Tracklist 'One Eye To Morocco':

1. One Eye To Morocco (Gillan/Morris)
2. No Lotion For That (Gillan/Morris)
3. Don't Stop (Gillan/Appleby)
4. Change My Ways (Gillan)
5. Girl Goes To Show (Gillan/Morris)
6. Better Days (Jackson)
7. Deal With It (Gillan/Morris)
8. Ultimate Groove (Jackson)
9. Sky Is Falling (Gillan/Morris)
10. Texas State Of Mind (Jackson)
11. It Would Be Nice (Gillan/Morris)
12. Always The Traveller (Gillan/Morris)

Hello everyone,

Some information about my new record - One Eye to Morocco - officially released on 6th March 2009.

I was in the Jewish Quarter of Cracow listening to the related stories of Oscar Schindler when the voice faded - and then returned...

'Ah, Ian you have one eye to Morocco.'

So said Tommy Djiubinski.

He'd caught my appreciative gaze trailing the aura of an elegant patron as she drifted away on her personal cloud of musk.

The significance eluded me at first; until I heard the second part of the idiom.

In full (and in Poland) One eye to Morocco and the other to the Caucasus might describe a cross-eyed person. In England we would refer to a wandering eye, be it lazy in a physical context or actively roaming in a less prosaical sense.

A few years later (2008) there was a hiatus in DP's schedule when a great sadness occurred with the passing of Brenda - Roger Glover's lovely Mum.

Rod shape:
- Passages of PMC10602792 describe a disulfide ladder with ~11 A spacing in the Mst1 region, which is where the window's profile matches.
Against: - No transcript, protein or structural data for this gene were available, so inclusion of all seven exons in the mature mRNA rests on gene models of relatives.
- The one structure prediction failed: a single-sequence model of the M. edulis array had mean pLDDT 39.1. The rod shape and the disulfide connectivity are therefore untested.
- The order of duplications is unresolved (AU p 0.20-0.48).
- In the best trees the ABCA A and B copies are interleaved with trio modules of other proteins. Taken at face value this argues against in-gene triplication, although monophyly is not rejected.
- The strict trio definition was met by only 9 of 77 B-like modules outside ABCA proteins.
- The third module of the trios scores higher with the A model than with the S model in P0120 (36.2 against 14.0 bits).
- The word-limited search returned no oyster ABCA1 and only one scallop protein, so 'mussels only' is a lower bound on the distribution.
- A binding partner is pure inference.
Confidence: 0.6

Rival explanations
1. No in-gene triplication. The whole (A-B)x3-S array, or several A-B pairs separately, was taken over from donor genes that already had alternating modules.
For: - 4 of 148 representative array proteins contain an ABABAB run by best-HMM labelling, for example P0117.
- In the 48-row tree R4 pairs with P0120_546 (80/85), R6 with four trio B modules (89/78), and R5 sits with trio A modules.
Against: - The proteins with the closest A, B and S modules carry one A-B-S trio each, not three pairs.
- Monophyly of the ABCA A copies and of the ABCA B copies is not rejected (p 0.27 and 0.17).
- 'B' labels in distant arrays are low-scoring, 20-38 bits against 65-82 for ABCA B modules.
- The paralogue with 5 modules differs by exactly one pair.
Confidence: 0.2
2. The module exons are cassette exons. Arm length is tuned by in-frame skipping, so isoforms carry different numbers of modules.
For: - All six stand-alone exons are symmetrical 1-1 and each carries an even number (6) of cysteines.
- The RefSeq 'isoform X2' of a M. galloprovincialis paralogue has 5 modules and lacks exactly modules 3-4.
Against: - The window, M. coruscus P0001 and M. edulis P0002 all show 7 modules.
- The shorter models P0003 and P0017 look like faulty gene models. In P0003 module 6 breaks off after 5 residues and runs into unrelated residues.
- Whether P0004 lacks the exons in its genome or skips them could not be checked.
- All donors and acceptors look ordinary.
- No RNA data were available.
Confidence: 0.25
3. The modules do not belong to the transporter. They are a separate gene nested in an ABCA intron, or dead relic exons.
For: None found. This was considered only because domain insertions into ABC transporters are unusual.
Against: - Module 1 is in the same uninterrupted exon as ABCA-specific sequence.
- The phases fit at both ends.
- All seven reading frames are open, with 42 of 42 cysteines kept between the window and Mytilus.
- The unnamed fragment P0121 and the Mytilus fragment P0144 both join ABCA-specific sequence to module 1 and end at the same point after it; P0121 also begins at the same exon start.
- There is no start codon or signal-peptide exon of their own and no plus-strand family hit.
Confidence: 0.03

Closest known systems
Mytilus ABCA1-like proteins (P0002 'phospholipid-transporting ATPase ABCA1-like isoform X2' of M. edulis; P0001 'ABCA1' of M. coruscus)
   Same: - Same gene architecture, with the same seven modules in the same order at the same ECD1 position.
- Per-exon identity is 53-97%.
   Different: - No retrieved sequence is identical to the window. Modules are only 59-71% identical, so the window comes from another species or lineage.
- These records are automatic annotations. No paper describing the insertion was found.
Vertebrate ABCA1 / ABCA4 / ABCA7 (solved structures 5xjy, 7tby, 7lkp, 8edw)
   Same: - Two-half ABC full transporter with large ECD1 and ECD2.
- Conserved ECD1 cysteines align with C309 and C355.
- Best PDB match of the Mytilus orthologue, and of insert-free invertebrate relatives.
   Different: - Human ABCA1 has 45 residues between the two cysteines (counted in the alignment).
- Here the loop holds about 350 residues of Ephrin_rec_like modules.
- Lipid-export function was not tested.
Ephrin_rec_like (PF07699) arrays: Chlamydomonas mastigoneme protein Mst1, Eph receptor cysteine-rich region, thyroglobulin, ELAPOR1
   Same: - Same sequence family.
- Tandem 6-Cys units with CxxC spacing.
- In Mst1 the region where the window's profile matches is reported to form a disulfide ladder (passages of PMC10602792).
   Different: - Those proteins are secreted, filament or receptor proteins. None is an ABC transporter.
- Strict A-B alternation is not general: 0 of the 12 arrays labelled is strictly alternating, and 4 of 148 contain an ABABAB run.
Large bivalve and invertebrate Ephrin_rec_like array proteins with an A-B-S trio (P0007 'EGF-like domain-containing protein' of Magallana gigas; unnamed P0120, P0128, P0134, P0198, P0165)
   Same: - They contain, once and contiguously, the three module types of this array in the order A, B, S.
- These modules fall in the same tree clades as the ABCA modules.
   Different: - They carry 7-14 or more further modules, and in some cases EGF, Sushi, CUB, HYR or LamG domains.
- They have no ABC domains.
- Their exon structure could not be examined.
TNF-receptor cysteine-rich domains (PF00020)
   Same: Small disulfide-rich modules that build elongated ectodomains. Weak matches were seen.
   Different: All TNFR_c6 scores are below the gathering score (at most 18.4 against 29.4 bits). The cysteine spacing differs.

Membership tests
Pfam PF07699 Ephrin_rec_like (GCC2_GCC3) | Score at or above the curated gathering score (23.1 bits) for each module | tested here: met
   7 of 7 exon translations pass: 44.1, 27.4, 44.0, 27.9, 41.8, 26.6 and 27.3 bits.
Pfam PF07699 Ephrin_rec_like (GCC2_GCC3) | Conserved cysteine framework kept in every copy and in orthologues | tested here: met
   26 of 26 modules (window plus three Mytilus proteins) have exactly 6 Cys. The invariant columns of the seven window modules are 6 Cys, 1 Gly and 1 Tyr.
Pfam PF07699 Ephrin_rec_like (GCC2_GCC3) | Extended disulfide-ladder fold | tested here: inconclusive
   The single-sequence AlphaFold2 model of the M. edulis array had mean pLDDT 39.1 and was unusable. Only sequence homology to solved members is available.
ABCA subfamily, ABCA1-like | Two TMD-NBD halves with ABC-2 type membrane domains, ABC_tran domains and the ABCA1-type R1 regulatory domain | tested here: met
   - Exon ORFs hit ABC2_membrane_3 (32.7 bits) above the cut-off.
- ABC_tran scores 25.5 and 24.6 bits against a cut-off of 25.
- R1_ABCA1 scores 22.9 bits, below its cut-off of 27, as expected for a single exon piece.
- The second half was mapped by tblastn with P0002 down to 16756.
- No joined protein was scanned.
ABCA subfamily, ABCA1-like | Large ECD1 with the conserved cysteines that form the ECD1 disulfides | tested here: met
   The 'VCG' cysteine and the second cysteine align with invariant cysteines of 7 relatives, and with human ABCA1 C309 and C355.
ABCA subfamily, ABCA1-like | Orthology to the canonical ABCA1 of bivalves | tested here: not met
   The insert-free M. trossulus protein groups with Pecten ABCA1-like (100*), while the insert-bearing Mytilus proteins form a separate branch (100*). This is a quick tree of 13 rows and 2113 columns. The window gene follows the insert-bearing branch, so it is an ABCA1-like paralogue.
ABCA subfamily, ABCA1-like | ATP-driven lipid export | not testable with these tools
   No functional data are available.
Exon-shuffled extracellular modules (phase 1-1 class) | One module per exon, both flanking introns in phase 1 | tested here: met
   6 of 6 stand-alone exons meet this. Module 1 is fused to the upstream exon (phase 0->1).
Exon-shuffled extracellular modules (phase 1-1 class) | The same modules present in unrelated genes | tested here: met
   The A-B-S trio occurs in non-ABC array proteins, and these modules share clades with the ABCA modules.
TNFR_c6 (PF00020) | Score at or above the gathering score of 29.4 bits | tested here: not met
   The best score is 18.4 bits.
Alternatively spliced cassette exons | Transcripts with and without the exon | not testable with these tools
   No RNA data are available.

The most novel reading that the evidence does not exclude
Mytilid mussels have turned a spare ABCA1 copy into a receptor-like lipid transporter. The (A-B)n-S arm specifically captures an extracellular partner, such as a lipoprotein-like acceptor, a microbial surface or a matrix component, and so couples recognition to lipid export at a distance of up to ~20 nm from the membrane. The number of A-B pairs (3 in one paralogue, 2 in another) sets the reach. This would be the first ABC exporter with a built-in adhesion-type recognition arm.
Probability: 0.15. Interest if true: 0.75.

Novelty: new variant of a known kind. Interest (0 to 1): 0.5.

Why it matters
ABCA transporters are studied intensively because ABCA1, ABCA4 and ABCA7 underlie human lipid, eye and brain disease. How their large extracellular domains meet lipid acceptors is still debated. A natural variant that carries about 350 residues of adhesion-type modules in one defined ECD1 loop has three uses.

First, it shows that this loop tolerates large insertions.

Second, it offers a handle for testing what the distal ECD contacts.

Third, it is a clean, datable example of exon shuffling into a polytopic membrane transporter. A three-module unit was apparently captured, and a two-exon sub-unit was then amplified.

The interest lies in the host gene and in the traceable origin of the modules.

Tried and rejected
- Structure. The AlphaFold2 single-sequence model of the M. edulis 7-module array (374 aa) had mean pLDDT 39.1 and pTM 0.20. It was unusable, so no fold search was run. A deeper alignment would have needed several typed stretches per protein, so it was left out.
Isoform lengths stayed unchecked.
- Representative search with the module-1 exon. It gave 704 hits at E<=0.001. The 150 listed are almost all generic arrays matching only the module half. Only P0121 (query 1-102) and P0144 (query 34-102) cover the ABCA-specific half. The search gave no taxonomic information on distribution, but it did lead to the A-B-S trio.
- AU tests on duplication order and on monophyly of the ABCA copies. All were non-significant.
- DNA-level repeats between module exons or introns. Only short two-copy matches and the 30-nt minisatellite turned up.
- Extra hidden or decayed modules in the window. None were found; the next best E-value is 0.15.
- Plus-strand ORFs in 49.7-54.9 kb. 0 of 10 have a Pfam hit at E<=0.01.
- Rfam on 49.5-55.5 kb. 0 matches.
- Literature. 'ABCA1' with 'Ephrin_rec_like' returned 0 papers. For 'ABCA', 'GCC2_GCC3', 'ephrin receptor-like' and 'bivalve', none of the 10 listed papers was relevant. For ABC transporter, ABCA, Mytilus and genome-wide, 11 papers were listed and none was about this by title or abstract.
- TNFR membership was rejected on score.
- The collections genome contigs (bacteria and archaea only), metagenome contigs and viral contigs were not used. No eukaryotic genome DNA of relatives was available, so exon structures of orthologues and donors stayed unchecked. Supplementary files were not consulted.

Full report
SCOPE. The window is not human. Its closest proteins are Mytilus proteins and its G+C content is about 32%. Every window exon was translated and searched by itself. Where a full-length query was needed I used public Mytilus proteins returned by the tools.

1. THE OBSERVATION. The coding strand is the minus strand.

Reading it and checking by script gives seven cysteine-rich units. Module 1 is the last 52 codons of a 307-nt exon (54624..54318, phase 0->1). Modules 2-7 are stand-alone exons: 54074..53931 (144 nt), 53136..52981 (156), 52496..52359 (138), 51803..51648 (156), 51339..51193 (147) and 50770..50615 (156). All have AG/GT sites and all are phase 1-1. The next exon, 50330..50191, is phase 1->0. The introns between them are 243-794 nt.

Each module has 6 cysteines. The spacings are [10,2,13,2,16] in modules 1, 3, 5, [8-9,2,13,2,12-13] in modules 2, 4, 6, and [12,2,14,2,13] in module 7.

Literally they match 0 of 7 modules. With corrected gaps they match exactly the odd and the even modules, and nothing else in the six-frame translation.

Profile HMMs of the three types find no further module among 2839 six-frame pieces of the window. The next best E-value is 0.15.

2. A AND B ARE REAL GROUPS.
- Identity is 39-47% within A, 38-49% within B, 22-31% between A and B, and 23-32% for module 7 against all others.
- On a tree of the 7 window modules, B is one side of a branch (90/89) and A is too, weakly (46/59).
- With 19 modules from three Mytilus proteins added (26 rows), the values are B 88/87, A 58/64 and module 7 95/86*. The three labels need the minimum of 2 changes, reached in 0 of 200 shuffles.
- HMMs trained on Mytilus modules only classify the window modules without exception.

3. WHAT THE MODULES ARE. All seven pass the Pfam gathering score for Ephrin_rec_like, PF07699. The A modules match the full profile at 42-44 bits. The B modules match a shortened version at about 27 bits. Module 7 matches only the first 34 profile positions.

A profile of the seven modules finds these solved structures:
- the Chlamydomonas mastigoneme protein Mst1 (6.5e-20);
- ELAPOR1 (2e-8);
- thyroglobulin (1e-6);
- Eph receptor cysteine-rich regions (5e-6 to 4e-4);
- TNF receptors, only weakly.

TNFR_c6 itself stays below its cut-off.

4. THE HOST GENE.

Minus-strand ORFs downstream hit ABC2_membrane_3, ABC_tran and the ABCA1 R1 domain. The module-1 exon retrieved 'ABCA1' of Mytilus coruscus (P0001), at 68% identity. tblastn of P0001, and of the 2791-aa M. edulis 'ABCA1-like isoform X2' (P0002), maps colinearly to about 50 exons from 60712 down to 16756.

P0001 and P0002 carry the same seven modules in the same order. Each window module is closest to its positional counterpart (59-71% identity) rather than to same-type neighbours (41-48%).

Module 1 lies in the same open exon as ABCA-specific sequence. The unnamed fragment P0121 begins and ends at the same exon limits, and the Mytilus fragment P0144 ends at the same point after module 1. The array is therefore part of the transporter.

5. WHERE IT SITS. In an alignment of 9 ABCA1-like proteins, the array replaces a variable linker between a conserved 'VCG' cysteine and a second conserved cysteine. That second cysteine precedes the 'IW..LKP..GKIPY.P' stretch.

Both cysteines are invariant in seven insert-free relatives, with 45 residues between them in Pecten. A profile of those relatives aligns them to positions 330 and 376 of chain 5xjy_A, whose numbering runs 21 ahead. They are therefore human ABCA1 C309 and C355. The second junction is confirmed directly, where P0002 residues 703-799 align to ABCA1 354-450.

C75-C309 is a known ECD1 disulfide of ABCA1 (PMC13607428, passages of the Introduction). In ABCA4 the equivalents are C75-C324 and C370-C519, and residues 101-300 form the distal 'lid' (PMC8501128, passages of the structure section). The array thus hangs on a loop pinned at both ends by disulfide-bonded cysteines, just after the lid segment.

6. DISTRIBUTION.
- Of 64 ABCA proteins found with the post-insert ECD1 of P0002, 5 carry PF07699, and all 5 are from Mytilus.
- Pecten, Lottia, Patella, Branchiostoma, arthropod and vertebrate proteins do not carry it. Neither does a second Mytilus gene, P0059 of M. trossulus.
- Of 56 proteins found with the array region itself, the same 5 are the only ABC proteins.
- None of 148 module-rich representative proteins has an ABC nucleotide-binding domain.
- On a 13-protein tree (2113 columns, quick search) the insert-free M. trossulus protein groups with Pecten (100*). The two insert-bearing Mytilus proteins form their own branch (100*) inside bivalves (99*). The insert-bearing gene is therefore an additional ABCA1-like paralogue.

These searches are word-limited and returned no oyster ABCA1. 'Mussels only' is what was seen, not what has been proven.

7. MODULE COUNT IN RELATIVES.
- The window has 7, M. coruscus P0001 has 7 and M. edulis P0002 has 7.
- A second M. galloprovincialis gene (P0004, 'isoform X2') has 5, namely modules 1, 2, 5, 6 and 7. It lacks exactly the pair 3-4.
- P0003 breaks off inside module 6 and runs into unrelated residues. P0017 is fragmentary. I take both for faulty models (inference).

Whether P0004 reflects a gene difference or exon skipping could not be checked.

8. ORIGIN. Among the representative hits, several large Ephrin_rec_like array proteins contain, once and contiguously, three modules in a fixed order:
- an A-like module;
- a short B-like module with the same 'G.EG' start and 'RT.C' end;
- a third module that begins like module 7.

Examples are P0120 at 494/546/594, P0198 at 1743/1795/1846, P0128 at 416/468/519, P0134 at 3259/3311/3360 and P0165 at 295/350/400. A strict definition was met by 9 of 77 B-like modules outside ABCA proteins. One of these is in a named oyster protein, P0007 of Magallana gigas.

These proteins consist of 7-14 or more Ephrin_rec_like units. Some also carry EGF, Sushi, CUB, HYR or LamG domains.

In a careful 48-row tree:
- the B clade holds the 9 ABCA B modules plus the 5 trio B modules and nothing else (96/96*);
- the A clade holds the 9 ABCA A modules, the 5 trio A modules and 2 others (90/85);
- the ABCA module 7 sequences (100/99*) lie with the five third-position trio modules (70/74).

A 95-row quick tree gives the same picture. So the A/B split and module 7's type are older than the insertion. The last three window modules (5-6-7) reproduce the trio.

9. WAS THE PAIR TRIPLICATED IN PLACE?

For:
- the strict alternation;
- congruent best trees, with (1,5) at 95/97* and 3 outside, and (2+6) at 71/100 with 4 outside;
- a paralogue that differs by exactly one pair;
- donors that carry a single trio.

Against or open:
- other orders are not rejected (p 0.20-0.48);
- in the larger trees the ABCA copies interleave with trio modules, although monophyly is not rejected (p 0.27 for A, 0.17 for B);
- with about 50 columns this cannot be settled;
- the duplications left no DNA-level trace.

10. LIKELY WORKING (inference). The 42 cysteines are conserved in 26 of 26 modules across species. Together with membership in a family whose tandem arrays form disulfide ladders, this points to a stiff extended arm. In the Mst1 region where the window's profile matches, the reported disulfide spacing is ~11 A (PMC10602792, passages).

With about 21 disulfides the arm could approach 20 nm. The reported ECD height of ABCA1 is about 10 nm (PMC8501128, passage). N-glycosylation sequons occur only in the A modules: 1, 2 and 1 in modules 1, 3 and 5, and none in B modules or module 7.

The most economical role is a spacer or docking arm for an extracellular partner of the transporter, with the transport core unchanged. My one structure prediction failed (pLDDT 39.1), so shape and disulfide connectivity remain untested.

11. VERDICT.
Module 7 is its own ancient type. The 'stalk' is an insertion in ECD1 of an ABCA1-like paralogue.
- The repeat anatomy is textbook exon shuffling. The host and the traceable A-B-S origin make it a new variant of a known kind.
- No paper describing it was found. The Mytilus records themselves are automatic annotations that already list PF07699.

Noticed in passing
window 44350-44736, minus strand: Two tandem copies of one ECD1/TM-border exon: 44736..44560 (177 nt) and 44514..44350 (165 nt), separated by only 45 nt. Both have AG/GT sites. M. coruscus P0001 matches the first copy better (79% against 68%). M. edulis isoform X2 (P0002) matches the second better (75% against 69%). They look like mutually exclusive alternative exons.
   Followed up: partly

So I returned to Buffalo and turned my mind to other things. More than thirty songs in various stages of readiness were squabbling for recognition - me, me, meeeee...

There was one I had written with Steve Morris that stood ahead of the rest as a natural focus for the reduction process. Ending up as the title track it became the selection criterion for an album that already had a pulse.

When completing the lyrics I was drawn back to Cracow and Tommy's wry comment. Here was a perfect musical metaphor; Deep Purple being the Caucasus and Morocco being the current project - my exotic sojourn...

...sitting alone in my room, waiting for no-one to call me, lost in a dream of my own.

It was a conscious decision to avoid the use of a rock rhythm section and you will notice the complete absence of guitar and keyboard solos - we get the very best of all that from DP. So the instrumentation is perhaps more seductive than thrusting (que?).

We rehearsed for the best part of a week in Buffalo then crossed the Peace Bridge and drove north alongside Lake Ontario to Metalworks studios in Mississauga, where the bed tracks were recorded in three days. Thereafter I finished off with the maestro (Nick Blagona) at his studio in nearby Dundas.

Michael Lee Jackson (MLJ) was there from the beginning, offering what can only be described as a holistic contribution.

The musicians were: MLJ - guitars, Rodney (now with a bulletless neck) Appleby - bass, Howard Wilson - drums, Steve Morris - guitars, Joe Mennonna - saxophones, Lance Anderson - Hammond organ, Jesse O'Brien - keyboards.

I thank you, cheers, ig